What you need to be able to do is to pass to an "older" provider a "newer" curve - assuming the curve fits within the math already implemented. There's really no good reason to implement a whole new set of API changes just to permit a single new curve.

Okay, thanks. If I am reading this right, this feature supports interoperability with providers that don't know about a specific curve name/OID, but support all curves within some family. Without a way to express the curve parameters in JCA, you would resort to using some provider-specific parameter spec, which would be unfortunate.

Pretty much. This is why I've been pushing back so hard on "just one more key type" style arguments.

Related to tinkering with new curves that don't have a name: I don't think that this is a feature that JCA needs to have. In the common use case, the programmer wants to only use standard algorithms and curves, and I think we should focus on that use case.

The common use case is much wider than you think it is. I find myself using the curve parameters much more than I would like - specifically because I use JCA in conjunction with PKCS11, HSMs and smart cards. So no - focusing on a software only subset of things is really not the right approach.

I actually would have expected hardware crypto to have *less* support for arbitrary curves, and so this issue would come up more with software implementations. Why does this come up so frequently in hardware?

Because the hardware tends to work either very generally or very specifically. A PKCS11 big iron HSM for example mostly doesn't do multiple curves and requires that you just give them the curve OID, but the JCOP smart cards work over a broad set of curves - as long as you give them the entire curve data set. But the JCOP cards don't do ASN1 so I keep getting to have to convert raw EC points into formatted EC public keys. One set of programs I have has to deal with at least three different representations - all of which are appropriate at various points.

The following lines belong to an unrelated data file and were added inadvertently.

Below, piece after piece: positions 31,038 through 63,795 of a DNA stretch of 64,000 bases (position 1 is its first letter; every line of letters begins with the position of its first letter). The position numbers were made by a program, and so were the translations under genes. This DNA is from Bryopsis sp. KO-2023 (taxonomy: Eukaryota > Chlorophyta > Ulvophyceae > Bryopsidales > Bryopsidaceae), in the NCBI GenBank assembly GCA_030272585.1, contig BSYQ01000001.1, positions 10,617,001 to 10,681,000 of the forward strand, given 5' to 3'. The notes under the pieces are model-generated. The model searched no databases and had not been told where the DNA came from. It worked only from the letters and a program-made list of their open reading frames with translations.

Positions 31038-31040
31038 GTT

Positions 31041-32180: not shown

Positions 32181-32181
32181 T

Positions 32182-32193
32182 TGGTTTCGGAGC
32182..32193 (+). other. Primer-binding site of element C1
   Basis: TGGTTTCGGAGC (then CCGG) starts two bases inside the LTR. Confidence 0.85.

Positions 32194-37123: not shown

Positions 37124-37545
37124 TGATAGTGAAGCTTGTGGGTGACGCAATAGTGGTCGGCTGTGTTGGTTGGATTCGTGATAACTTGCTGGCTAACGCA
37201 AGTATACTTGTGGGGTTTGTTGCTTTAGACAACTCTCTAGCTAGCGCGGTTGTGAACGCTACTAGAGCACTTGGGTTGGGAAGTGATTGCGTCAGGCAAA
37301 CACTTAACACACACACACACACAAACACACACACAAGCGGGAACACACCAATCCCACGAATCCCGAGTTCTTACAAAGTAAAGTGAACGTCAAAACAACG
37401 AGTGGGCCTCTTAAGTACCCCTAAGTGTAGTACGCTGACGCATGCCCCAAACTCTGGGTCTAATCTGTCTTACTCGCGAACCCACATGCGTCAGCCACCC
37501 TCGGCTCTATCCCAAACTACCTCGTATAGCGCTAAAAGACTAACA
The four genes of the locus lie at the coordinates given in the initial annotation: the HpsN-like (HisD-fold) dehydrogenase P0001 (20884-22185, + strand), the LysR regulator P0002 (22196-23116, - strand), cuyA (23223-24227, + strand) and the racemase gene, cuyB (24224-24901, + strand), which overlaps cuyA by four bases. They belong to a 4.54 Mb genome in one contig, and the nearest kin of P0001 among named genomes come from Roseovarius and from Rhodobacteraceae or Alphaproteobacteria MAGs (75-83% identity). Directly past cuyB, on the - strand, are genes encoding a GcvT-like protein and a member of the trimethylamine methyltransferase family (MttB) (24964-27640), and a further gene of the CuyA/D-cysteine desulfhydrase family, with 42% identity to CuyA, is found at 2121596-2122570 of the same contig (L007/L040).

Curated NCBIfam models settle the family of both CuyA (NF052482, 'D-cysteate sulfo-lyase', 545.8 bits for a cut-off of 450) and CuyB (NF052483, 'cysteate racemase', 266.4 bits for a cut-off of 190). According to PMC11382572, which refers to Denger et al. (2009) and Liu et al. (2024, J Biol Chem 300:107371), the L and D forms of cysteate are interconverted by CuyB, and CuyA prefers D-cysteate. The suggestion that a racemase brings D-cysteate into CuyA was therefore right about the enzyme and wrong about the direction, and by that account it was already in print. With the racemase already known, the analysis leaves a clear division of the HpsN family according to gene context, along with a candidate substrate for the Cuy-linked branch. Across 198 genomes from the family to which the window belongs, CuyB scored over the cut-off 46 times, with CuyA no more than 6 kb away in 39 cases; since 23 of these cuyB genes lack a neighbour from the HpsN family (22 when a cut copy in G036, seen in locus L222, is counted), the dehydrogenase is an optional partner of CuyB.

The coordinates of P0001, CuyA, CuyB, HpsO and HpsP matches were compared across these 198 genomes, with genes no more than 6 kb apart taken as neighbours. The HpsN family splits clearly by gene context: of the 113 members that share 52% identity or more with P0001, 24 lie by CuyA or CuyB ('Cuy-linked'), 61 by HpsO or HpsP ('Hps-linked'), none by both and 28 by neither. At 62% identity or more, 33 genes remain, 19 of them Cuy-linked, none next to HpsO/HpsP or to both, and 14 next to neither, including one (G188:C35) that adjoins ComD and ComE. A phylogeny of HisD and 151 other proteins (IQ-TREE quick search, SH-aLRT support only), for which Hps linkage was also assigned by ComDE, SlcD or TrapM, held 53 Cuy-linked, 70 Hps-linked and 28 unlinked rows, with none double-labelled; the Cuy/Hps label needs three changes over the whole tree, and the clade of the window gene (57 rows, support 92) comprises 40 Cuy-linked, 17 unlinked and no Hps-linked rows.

As it stands, I find the JCOP smart cards more flexible than the PKCS11 HSMs, but the PKCS11 HSMs more able to deal with large amounts of calculations (and generally better at keeping things secret than the smart cards).

These two assumptions greatly simplify the API. We won't need classes that mirror ECParameterSpec, EllipticCurve, ECPoint, ECField, ECPublicKey, etc. for X25519/X448.

That assumption holds only if your various other assumptions hold. My opinion is that they probably don't. (BTW - I'm pretty sure, given that every single asymmetric JCA crypto api takes a PublicKey or PrivateKey you're going to need to mirror those classes at least; you'll also need a ParameterSpec and a GenParameterSpec class with whatever underlying supporting classes are required to deal with KeyFactory's)